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On Seymour, truancy, and how not to address a serious problem.

October 30th, 2022

ACT’s recently-released truancy policy is, even by the spectacularly dismal standards of most of David Seymour’s thought-dumps, quite inspirationally ridiculous. Nobody is denying that education is quite vitally important. But nobody who actually works in education would agree that ACT’s ideas for addressing attendance concerns would do anything to actually improve the these concerns. 

Seymour would like to impose infringement notices for parents whose children don’t attend school on quite the terms he would approve of. The policy ACT have published doesn’t include a number, so we’ll have to assume they’ll be comparable to the amounts that police can levy for speeding fines, which is what the policy likens these penalties to. And let’s not forget—a fine is only a punishment if you can’t afford it. For the wealthy, a fine is just another expense. Booking the family’s annual trip to Hawaii? Just add truancy fines as an other line in the budget, between the nasty flowered shirts and the business-class air fares. But for the parents of decile-1 schools that this policy purports to address, even the $30 which is the lowest current speeding fine is a substantial financial blow, one that quite possibly won’t get paid, which then serves only to lead the family further into the criminal-justice maze from which it becomes harder and harder to escape. 

So let’s not criminalise a problem needlessly, especially not before we’ve made an honest and fair attempt to understand it first. Seymour’s reactionary policy wants children found out of school returned to school by roving teams of truancy police. But has Seymour ever stopped to ask why those children might be out of school? 

I doubt it, but I have. I had to. I taught in a decile-1 south Auckland high school for eight years, and every day I was expected by my management to phone parents and find out why children in my classes had been absent that day. But it often wasn’t parents who were raising, or caring for, these children. It was often grandparents, or aunties, or big sisters—not, incidentally, the parents who Christopher Luxon says “had the kid, it’s your responsibility to make sure they have the education you never had.”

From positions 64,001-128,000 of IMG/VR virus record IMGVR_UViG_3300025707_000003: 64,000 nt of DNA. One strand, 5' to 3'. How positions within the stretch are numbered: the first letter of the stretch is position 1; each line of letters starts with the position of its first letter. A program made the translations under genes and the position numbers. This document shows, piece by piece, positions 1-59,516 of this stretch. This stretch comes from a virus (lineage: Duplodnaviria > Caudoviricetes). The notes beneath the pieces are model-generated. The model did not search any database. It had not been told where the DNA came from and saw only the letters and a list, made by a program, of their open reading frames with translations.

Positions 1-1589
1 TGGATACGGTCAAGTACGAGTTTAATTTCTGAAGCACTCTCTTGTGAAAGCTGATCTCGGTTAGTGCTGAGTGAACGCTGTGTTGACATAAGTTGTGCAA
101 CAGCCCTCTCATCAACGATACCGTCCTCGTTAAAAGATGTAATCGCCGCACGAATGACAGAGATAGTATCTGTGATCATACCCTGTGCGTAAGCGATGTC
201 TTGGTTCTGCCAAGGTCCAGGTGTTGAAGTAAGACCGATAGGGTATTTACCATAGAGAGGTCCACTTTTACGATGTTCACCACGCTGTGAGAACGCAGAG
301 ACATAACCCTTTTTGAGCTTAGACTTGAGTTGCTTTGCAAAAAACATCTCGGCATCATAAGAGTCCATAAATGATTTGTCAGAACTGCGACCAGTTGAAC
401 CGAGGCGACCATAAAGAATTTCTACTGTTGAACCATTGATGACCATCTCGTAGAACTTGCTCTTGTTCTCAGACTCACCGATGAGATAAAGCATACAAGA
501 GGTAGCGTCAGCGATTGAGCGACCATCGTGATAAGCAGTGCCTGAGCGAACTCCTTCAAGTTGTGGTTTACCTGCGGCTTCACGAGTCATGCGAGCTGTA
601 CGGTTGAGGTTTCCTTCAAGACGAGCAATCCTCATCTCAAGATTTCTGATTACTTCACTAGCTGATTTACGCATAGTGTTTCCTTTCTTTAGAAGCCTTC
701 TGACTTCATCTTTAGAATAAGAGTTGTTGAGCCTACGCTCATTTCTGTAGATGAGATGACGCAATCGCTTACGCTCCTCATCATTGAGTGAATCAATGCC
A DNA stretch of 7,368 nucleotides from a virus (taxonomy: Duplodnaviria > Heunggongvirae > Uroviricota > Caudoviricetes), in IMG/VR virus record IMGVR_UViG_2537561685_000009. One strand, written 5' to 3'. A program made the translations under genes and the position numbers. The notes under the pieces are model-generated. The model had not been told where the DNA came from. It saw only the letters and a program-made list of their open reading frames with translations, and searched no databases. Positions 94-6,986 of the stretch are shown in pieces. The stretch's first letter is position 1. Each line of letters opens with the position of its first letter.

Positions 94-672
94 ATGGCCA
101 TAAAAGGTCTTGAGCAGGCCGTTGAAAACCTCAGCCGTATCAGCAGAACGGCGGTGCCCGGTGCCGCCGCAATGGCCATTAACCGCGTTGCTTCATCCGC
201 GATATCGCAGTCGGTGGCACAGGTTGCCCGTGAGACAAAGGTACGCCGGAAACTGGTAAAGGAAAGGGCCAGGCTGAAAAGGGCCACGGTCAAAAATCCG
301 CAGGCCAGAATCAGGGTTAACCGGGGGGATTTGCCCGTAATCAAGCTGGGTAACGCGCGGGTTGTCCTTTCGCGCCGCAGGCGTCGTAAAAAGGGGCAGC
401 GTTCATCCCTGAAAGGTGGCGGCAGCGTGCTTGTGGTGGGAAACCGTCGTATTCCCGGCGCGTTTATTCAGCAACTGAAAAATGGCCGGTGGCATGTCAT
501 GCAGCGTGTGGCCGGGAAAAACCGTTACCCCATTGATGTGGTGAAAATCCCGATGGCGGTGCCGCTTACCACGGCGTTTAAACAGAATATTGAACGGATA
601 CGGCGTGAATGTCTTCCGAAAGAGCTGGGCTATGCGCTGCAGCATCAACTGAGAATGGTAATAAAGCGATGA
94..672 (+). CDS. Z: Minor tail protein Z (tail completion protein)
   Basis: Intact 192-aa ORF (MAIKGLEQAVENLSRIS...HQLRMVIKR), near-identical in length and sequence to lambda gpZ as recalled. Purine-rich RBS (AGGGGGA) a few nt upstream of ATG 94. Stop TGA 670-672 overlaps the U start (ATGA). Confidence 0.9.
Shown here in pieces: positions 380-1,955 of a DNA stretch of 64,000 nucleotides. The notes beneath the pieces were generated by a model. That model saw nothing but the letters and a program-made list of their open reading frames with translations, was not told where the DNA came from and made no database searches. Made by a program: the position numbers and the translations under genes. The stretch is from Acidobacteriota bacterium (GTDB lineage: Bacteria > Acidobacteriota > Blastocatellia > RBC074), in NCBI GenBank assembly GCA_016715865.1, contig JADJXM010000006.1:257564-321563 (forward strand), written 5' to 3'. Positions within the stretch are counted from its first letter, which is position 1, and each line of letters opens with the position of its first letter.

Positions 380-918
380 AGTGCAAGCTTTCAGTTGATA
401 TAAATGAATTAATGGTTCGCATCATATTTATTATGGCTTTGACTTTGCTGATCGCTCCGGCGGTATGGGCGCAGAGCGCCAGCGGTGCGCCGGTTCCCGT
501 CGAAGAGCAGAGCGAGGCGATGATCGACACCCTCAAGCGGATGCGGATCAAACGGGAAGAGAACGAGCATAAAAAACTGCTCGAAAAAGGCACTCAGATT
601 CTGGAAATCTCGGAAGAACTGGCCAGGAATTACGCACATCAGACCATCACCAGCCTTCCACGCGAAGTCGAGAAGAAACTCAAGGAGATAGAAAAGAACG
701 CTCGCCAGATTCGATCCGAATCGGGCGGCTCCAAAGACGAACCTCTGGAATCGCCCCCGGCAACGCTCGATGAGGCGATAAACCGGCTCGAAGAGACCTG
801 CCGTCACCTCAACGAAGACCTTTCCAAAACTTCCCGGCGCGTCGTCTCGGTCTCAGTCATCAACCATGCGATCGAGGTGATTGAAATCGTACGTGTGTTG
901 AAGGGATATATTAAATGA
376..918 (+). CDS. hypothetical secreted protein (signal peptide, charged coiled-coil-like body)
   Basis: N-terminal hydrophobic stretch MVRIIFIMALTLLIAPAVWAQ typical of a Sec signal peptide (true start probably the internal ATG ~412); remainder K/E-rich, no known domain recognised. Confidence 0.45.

And there were reasons—reasons that clearly don’t occur to David Seymour—why children weren’t in school. A child whose uniform was ripped, the family couldn’t afford a new one, and the child would be put in detention for being out of uniform. A child who was unwell, but didn’t have a sick note because the family couldn’t afford a visit to the GP. A child who missed the first lesson of the morning because she was dropping her little brothers off at primary school. A child who couldn’t get to school because it was pouring with rain and the family had no petrol for the car. There are myriad reasons, mainly revolving round the fact that the families of decile-1 schools live, by definition, in poverty that the Member for Epsom has no comprehension of. And as a result, those schools, and their students and families, have problems that require massively more nuanced thinking than David Seymour has shown himself capable of to date. 

He fails, for example, to take into account, the children who simply don’t need to be in school right now. Please believe me when I tell you that many children are simply not in an emotional or psychological place, sometimes for weeks, sometimes for months at a time, to be in a classroom. You’ll have to take my word for it when I tell you that for a small, but very significant, number of children, the classroom is the wrong place to be, and time away from school is better for them, better for their classmates and their learning, and better for the health and safety of everyone who has to share a classroom with them. 

Seymour does offer some financial support to schools, to be used to hire truancy officers who can whip children into school. He clearly doesn’t realise that this would duplicate the mahi of the attendance officers many schools already hire. And he clearly doesn’t realise that the money he wants to spend there might well be better spent on making low-decile schools a more attractive place for students to be. As a teacher, I hated coming to a school with roofs that leaked after a light rain, a heating system that failed annually and left me teaching in a classroom that registered only eight degrees Celsius, corridors so mouldy they were making students and teachers sick. 

Make schools attractive. Invest the money in building—not renovating, but building from scratch—schools that kids can feel welcome and wanted in. 

And try—go on, David, just try it—to pivot from the punitive and the criminalising to actually understanding the problem. It’s less viscerally satisfying, and it might not get the voters of Remuera frothing with righteous indignation at those wagging guttersnipes and their feckless parents. But it might just actually start to solve the problem. 

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